To demand to split Jerusalem for a promise of peace is like to ask the Japanese to give up Kyoto for the North Koreans. The Holy Koran, the Book of the Islam, does not mention Jerusalem even one time, but the Muslims say that “the horse of Mohammed went to heaven from Jerusalem,” so they think the city is holy, too [only Mecca and Medina are holier (in Saudi Arabia) It seems that the conflict won’t end.
Nevertheless, the writers of the Koran positively mentioned the Jewish people in their book. There might be a chance to find a way to respect each other in the future.

The third reason has been nationalism. In the Middle East, there are 22 Arab Nations, and they haven’t been able to accept the nation of Israel. In Arab nations, people can find different kinds of Islam and also some other religious believers, such as Christians, Druze, Cherkessk, etc., but they still see them as Arabs. They’d prefer if Israel had a majority of Arabs, or there was just a Palestinian state, where Jews could live as they did in the past in Arab states before Israel was re-born in 1948. They’d really prefer to have 23 states in the Arab League, instead of 22 they have today.
They might think differently now that they’ve had to face the risk of the Islamic nation’s terrorist organization’s destruction of them.

The fourth reason was culture. Israel is a part of Western culture, which means that its people believe in freedom and democracy. This is a huge risk for the Middle East’s Islamic and Monarchic nations who are afraid of their people learning how to live freely, including the women who have limited rights in Muslim countries. It’ll endanger their way of life, which could also destroy their political and ruling systems.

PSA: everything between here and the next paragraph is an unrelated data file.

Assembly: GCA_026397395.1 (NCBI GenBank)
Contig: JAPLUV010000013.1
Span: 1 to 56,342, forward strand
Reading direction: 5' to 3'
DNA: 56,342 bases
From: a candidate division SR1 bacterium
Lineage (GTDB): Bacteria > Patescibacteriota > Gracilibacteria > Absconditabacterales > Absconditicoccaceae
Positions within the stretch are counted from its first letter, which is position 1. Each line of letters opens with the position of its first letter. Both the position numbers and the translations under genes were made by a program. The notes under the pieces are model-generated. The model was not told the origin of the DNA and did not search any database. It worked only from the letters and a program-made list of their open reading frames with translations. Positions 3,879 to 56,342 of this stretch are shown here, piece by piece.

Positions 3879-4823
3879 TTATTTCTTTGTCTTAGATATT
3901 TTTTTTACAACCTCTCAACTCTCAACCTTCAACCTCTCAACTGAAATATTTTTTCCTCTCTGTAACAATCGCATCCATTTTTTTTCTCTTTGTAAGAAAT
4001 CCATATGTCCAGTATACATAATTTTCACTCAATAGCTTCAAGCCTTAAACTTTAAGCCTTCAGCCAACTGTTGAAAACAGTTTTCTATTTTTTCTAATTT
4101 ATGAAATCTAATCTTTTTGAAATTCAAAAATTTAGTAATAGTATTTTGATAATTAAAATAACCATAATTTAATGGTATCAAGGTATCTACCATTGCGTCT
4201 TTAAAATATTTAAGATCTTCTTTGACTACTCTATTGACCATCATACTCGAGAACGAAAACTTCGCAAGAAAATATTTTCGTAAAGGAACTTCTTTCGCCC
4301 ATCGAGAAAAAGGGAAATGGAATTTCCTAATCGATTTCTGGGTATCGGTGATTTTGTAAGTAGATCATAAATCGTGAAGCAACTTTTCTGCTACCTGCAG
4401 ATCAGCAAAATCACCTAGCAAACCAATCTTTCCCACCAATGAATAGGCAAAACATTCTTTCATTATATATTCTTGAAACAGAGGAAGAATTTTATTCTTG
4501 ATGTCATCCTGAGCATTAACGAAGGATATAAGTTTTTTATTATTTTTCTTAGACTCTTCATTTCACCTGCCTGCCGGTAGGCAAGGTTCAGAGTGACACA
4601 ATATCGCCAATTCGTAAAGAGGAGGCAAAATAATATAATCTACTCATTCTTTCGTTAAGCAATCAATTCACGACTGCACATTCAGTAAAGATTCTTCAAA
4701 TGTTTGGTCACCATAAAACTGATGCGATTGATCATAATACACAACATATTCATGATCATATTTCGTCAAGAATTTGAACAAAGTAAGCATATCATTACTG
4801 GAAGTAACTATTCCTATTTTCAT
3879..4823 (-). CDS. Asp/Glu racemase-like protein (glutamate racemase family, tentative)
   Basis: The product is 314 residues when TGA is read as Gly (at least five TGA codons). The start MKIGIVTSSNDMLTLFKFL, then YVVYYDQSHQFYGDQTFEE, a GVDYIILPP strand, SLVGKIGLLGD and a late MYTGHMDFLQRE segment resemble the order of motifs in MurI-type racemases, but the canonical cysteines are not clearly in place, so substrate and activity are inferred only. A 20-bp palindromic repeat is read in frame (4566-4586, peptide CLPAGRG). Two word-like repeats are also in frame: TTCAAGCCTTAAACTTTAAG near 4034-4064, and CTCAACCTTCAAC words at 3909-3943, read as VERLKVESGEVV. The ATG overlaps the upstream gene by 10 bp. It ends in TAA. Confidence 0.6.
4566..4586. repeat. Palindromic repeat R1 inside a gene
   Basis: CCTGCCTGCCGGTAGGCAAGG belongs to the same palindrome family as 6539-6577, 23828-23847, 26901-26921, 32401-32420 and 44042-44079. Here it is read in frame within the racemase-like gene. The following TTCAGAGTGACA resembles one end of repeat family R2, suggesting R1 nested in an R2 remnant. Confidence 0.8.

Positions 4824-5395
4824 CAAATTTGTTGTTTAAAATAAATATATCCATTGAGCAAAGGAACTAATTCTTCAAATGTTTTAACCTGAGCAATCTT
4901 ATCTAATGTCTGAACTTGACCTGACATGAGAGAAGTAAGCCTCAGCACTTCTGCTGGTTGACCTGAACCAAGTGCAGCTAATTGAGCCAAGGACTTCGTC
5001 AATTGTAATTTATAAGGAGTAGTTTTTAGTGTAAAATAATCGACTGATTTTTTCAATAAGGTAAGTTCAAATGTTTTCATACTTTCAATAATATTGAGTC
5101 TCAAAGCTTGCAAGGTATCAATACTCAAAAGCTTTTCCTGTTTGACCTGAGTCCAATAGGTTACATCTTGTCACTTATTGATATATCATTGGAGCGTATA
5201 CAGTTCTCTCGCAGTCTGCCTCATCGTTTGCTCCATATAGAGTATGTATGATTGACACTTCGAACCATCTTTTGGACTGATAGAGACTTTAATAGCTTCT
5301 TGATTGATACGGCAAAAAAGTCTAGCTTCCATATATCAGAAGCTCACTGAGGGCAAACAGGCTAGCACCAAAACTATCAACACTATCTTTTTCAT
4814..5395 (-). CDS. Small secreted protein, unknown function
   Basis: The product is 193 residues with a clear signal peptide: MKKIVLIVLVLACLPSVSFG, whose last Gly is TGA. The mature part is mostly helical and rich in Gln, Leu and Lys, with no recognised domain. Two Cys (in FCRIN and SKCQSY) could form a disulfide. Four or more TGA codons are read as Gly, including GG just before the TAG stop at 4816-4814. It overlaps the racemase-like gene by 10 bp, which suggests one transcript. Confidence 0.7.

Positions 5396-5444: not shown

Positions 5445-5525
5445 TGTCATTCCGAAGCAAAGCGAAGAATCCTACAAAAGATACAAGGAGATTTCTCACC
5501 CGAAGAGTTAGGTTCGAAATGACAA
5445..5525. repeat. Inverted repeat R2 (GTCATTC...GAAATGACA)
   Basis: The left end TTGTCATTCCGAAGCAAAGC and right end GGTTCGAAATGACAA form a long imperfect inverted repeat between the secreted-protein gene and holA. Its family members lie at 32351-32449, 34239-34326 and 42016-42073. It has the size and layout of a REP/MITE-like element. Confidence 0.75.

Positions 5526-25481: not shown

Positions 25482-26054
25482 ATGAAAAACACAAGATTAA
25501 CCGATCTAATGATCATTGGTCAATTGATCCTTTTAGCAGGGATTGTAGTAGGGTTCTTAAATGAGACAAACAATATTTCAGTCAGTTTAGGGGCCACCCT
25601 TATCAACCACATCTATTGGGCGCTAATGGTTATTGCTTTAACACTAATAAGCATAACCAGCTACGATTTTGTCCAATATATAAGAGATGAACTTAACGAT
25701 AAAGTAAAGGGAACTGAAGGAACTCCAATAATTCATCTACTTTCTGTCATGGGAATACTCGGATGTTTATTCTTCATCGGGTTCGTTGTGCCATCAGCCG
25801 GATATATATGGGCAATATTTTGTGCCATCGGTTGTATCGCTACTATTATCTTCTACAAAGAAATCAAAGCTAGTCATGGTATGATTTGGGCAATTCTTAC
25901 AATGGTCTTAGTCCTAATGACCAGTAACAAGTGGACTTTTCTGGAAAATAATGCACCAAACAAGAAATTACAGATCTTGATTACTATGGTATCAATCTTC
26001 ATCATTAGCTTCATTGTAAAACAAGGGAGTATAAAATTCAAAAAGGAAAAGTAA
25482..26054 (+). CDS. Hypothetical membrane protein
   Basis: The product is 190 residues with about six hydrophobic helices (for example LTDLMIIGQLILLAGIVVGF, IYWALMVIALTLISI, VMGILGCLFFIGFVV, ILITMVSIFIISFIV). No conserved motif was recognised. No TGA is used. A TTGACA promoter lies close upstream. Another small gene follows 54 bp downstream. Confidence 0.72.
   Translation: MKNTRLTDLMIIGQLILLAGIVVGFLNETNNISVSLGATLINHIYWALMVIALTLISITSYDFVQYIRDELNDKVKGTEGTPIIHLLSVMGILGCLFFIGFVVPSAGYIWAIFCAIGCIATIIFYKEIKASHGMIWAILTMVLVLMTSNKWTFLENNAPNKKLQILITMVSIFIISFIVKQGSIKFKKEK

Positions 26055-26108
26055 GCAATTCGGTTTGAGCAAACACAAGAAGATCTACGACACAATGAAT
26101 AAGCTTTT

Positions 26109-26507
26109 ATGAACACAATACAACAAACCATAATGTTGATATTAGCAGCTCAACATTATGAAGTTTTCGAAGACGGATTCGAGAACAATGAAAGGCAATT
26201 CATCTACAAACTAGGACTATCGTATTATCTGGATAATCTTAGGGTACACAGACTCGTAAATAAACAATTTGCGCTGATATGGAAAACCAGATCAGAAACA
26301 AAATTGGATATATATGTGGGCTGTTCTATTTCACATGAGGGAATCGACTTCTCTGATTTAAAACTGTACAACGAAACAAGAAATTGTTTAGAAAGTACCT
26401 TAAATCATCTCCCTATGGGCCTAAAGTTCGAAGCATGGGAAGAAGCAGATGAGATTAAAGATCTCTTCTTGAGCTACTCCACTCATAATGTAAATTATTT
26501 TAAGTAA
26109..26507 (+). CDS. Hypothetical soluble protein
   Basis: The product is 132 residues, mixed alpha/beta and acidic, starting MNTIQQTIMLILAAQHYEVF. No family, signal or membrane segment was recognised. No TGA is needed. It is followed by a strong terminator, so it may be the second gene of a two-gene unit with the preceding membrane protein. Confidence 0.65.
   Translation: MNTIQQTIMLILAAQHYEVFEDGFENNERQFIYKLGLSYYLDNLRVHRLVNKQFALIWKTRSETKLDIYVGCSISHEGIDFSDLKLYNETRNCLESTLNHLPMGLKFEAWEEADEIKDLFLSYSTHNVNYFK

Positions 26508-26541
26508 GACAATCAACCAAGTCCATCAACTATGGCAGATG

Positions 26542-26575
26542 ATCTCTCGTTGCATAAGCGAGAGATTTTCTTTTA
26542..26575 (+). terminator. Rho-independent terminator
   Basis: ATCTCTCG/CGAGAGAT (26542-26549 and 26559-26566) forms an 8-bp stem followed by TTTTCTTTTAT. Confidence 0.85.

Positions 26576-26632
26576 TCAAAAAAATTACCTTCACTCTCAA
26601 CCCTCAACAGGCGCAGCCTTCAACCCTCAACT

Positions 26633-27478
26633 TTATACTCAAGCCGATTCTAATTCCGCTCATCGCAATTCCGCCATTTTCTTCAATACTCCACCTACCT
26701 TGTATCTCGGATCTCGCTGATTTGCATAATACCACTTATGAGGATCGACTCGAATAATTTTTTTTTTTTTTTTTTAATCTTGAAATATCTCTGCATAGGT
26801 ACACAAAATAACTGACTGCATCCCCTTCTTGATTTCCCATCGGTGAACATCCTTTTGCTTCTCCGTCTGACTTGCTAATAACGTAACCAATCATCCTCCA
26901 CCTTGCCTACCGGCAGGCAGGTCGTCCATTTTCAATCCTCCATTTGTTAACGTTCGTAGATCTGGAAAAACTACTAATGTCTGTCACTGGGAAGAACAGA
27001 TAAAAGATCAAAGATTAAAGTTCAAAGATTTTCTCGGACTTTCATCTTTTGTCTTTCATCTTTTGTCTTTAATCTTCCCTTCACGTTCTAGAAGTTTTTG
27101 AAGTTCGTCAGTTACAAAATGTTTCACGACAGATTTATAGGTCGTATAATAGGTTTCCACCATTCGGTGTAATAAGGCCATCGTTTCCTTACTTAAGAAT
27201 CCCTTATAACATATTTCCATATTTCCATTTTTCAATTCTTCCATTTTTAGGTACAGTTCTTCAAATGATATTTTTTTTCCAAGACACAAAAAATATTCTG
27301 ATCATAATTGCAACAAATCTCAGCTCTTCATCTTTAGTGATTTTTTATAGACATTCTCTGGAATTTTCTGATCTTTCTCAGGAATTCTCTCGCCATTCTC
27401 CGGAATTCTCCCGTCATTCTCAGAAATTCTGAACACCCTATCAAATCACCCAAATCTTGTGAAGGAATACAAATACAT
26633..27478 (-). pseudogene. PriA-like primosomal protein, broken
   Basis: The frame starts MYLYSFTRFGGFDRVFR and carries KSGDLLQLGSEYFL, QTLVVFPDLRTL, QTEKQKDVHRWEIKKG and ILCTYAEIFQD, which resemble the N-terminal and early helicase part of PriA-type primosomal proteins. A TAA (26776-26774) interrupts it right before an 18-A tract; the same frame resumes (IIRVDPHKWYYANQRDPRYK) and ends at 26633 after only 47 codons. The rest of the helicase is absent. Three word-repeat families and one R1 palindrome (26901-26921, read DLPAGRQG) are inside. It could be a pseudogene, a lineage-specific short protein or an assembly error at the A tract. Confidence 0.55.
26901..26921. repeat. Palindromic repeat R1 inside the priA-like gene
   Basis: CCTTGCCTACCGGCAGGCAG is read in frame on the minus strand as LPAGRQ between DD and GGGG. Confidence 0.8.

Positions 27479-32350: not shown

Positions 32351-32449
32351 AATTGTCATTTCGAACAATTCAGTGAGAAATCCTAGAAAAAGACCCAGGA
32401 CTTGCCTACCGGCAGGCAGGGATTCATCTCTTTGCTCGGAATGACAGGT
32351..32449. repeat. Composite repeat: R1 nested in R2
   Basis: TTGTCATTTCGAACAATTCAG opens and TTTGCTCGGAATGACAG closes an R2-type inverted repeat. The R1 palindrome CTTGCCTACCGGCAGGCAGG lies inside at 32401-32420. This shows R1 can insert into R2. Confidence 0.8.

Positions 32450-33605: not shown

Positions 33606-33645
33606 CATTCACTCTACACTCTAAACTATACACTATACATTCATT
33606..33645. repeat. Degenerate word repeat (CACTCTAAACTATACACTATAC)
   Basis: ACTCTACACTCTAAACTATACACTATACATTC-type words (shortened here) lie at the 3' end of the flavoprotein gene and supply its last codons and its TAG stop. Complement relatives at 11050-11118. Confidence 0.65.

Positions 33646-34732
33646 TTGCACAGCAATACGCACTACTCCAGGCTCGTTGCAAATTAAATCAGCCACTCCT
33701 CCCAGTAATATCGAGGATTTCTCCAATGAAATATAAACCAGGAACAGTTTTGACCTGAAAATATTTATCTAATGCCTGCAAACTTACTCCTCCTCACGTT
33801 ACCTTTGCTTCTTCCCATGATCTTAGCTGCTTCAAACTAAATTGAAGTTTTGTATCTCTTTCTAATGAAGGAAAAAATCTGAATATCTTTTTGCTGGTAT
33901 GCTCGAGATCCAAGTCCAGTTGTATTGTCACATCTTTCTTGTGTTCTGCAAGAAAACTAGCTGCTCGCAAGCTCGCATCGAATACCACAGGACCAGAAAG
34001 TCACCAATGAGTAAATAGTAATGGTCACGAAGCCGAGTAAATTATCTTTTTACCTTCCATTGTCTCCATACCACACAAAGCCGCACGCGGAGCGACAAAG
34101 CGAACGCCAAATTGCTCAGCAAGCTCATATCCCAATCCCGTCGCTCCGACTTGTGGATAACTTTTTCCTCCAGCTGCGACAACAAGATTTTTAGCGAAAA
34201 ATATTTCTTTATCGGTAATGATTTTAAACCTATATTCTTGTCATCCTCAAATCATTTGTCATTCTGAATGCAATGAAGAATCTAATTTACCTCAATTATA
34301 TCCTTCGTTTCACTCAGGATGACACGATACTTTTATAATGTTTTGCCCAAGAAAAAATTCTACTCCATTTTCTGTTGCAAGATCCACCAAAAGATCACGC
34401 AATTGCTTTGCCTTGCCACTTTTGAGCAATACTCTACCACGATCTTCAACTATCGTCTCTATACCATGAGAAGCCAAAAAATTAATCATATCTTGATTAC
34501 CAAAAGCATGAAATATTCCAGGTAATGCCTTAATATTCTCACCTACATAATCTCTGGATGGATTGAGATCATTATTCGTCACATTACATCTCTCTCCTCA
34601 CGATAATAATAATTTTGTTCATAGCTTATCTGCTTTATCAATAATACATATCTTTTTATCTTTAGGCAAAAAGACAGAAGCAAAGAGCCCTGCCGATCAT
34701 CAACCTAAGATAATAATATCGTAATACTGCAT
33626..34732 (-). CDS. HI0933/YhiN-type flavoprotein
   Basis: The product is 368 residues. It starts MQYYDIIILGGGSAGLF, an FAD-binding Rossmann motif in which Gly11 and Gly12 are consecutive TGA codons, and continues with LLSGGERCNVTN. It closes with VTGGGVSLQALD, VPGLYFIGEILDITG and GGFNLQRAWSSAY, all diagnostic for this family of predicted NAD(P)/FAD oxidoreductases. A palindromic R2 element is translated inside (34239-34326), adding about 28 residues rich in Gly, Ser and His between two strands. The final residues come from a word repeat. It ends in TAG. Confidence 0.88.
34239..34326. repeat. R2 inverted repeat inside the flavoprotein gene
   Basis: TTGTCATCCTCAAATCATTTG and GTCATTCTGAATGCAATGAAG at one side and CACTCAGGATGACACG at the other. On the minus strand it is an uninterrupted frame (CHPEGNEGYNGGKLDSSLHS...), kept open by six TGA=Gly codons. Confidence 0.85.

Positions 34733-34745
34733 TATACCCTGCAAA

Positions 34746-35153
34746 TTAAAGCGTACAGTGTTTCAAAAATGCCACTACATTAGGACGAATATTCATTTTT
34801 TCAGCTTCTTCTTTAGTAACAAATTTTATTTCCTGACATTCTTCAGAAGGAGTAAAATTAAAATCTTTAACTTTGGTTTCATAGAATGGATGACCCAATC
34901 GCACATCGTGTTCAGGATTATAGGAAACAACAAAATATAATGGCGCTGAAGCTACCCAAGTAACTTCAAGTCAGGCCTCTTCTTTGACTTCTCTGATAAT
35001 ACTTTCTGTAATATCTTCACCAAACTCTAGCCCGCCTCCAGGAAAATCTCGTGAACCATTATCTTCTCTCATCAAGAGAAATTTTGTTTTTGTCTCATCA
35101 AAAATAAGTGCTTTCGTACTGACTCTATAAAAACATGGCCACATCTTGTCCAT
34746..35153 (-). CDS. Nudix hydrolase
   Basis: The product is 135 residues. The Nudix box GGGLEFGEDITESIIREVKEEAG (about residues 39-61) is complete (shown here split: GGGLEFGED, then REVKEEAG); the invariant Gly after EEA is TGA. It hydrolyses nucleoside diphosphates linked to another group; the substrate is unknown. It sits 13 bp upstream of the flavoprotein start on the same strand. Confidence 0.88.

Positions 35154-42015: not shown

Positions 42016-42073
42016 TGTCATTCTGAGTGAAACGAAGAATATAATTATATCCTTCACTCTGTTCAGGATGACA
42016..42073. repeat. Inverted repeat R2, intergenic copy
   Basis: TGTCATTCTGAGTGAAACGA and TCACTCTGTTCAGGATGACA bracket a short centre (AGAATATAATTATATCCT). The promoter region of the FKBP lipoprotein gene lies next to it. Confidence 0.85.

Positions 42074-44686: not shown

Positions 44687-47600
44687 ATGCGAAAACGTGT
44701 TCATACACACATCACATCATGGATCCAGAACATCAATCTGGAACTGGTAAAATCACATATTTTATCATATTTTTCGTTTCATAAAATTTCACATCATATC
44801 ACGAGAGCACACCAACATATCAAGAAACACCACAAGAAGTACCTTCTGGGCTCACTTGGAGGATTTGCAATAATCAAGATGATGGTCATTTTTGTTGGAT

What are your views on the Hamas?

Hamas is a terrorist organization that has declared they “will destroy Israel”. There is no way of talking to them logically. The only way to deal with them is to be strong and to make sure that they don’t become strong.
Hamas Filled the Power Vacuum Left When Israelis Withdrew from the Gaza Strip

In 2005, Israel made a big sacrifice when it destroyed its own cities and villages in Gaza and deported all of the Israeli people from Gaza against their wills, only to give the Gaza people a chance to live their own life totally separate from us. The Egyptians never did that before, but the Israelis wanted to give them a chance for peace. The result was the Hamas took over Gaza’s political power; they murdered their own Palestinian brothers that were part of the Fatah, and started to build up their military power.
They used Israeli electricity, Israel’s water supply, and all other kinds of materials to build tunnels that penetrated Israel’s borders in order to attack Israelis, civilians as well as the military. They received rockets from Iran and Syria, and money came from Iran and Dubai. Instead of building houses for their own people, or even shelters, they created tunnels and collected huge amounts of rockets in order to attack the Israeli people from a very short distance away.
The only solution for the Hamas is in the hands of the Palestinians, but they should receive international support in order to deal with this extreme terrorist organization.